In vivo discovery of immunotherapy targets in the tumour microenvironment

Abstract

Recent clinical trials showed that targeting of inhibitory receptors on T cells induces durable responses in a subset of cancer patients, despite advanced disease. However, the regulatory switches controlling T-cell function in immunosuppressive tumours are not well understood. Here we show that such inhibitory mechanisms can be systematically discovered in the tumour microenvironment. We devised an in vivo pooled short hairpin RNA (shRNA) screen in which shRNAs targeting negative regulators became highly enriched in murine tumours by releasing a block on T-cell proliferation upon tumour antigen recognition. Such shRNAs were identified by deep sequencing of the shRNA cassette from T cells infiltrating tumour or control tissues. One of the target genes was Ppp2r2d, a regulatory subunit of the PP2A phosphatase family. In tumours, Ppp2r2d knockdown inhibited T-cell apoptosis and enhanced T-cell proliferation as well as cytokine production. Key regulators of immune function can therefore be discovered in relevant tissue microenvironments.

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Figure 1: In vivo RNAi discovery of immunotherapy targets.
Figure 2: shRNA-driven accumulation of T cells in B16 melanoma.
Figure 3: Changes in T-cell function induced by Ppp2r2d shRNA.
Figure 4: Cytokine secretion by gene-silenced tumour-infiltrating T cells.
Figure 5: Ppp2r2d silencing enhances anti-tumour activity of CD4 and CD8 T cells.

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Acknowledgements

This work was supported by the National Institutes of Health (Transformative Research Award 1R01CA173750 to K.W.W.), the Melanoma Research Alliance (to K.W.W.), the DF/HCC–MIT Bridge Project and the Lustgarten Foundation (to K.W.W., J.C.L. and H.L.P.), Novartis Institutes of Biomedical Research (to K.W.W.), the Koch Institute Support Grant P30-CA14051 from the National Cancer Institute, the American Cancer Society John W. Thatcher, Jr Postdoctoral Fellowship in Melanoma Research (to D.R.S.), the Terri Brodeur Breast Cancer Foundation Postdoctoral Fellowship (to P.Z.) and a NIH T32 grant (AI07386 to D.A.A.A.).

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Contributions

K.W.W., P.Z., S.J.T., G.D. and H.C. contributed to the overall study design; K.W.W., P.Z. and D.R.S. designed experiments; P.Z., D.A.A.A. and H.C. developed procedure for lentiviral infection of T cells and optimized approaches for adoptive T-cell therapy; P.Z., D.R.S. and D.A.A.A. performed shRNA screen; G.S.C., D.E.R. and N.H. provided pooled shRNA library and advice on shRNA screen; Y.N. and G.D. provided B16-Ova cell line and advice on tumour model; A.J.T. and J.C.L. performed nano-well analysis of cytokine production, V.C. and S.J.T. performed histological studies, W.P. performed protein quantification by mass spectrometry, S.K.D. and H.L.P. provided mouse models; J.B., K.E. and J.L. performed microarray analysis; K.W.W., P.Z. and D.R.S. wrote the paper.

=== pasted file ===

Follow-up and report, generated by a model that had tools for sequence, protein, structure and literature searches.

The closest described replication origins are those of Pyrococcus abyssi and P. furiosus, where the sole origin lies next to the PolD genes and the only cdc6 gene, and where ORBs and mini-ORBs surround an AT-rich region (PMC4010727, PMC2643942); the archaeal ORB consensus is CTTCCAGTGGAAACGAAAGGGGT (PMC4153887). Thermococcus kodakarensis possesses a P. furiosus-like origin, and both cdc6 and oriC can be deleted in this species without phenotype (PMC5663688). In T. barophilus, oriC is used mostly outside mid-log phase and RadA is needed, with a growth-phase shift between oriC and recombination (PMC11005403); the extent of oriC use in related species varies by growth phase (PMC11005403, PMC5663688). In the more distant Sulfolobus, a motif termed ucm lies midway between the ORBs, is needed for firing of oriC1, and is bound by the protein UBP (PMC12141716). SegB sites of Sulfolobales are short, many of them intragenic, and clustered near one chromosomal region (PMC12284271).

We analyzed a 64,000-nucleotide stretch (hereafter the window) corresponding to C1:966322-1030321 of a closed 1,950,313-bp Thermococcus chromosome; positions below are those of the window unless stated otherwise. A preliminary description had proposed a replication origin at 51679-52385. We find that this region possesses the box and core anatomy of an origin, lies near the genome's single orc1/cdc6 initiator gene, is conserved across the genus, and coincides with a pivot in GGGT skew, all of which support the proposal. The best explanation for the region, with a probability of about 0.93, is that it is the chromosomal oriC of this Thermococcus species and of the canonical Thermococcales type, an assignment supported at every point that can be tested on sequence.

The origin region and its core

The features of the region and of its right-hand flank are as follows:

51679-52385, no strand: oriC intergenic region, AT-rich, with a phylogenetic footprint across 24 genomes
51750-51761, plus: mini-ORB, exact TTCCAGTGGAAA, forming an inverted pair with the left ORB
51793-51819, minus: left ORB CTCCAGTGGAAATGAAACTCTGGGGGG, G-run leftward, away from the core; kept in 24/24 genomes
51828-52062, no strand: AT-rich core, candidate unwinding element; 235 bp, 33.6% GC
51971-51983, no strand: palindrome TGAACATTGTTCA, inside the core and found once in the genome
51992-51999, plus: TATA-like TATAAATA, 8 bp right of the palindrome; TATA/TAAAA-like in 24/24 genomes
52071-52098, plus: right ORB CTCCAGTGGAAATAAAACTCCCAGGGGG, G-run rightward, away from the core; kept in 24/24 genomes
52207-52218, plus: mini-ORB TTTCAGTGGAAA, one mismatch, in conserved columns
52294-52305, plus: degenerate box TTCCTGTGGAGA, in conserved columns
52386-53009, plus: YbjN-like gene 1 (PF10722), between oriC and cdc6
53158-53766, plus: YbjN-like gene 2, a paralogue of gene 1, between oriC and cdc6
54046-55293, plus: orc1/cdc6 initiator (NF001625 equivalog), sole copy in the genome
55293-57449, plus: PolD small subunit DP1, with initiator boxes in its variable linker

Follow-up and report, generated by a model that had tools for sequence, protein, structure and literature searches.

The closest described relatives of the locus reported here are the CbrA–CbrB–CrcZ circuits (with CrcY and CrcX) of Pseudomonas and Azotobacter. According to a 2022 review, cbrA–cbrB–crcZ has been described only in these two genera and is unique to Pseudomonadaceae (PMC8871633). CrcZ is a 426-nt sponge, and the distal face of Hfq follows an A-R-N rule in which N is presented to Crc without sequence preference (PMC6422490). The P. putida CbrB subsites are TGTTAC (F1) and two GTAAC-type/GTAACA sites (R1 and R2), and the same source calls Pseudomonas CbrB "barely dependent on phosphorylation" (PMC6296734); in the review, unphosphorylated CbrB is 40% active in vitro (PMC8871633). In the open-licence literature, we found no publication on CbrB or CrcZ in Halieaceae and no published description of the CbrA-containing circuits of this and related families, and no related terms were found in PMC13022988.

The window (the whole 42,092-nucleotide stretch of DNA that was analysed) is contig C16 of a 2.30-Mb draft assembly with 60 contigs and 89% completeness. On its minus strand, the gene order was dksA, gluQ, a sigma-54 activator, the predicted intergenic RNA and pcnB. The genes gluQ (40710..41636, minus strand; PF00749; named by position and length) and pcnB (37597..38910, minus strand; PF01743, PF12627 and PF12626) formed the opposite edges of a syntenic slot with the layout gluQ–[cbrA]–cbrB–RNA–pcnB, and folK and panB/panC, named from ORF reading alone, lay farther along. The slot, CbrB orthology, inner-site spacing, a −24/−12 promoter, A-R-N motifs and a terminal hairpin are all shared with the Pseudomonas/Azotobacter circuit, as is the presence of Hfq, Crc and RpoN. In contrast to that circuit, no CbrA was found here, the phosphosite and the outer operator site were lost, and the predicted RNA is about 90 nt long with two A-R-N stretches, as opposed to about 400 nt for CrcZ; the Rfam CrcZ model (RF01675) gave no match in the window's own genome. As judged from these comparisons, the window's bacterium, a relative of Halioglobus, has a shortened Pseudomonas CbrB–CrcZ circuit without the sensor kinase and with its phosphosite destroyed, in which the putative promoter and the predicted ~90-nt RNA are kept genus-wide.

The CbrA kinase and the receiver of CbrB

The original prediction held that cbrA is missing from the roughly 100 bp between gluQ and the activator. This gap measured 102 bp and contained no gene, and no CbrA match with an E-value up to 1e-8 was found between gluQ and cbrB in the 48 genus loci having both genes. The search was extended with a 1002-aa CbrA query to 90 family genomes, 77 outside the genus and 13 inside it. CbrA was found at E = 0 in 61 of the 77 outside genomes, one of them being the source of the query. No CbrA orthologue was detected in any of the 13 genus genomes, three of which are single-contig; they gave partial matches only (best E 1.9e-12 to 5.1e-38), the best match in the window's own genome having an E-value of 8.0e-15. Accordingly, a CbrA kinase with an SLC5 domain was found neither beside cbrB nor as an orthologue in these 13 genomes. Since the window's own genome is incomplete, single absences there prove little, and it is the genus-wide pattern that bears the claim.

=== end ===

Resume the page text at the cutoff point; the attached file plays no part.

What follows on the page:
Corresponding author

Correspondence to Kai W. Wucherpfennig.

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Competing interests

K.W.W. and G.D. served as consultants to Novartis.

Additional information

The access number for microarray data is GSE53388 in the Genomic Spatial Event (GSE) database.

Extended data figures and tables

Extended Data Figure 1 In vivo RNAi screening procedure.

a, Infection of CD8+ T cells from Rag1−/−/OT-I TCR transgenic mice with shRNA pools. T cells were either activated with anti-CD3/CD28 beads or exposed to recombinant murine IL-7/IL-15 for 48 h. T cells were then infected with a LacZ control shRNA lentiviral vector and cultured for an additional three days. Transduction efficiency was determined based on expression of the Thy1.1 reporter encoded by the lentiviral vector. Cytokine-cultured T cells expressing the LacZ control shRNA were then stained with a panel of activation markers (blue lines; isotype control, shaded). The majority of infected T cells showed a central memory phenotype (CD62L+CD44+). b, Representative flow cytometry plots of OT-I T cells sorted from tumours and secondary lymphoid organs for deep sequencing analysis (dLN, tumour-draining lymph node; irLN, irrelevant lymph node). CD8+Vα2+Vβ5+Thy1.1+ cells were sorted and genomic DNA was extracted for PCR amplification of the shRNA cassette. c, Deep sequencing results from T-cell dysfunction screen. shRNA sequencing reads for genes positive in secondary screen are plotted in comparison to spleen for tumours (red), irrelevant lymph nodes (irLN, blue) and tumour-draining lymph nodes (dLN, green), with dashed lines indicating a deviation of log2 from the diagonal. Data show enrichment of particular shRNAs representing these genes in tumours compared to spleens or lymph nodes. d, Deep sequencing results from kinase and phosphatase screen, as described in c.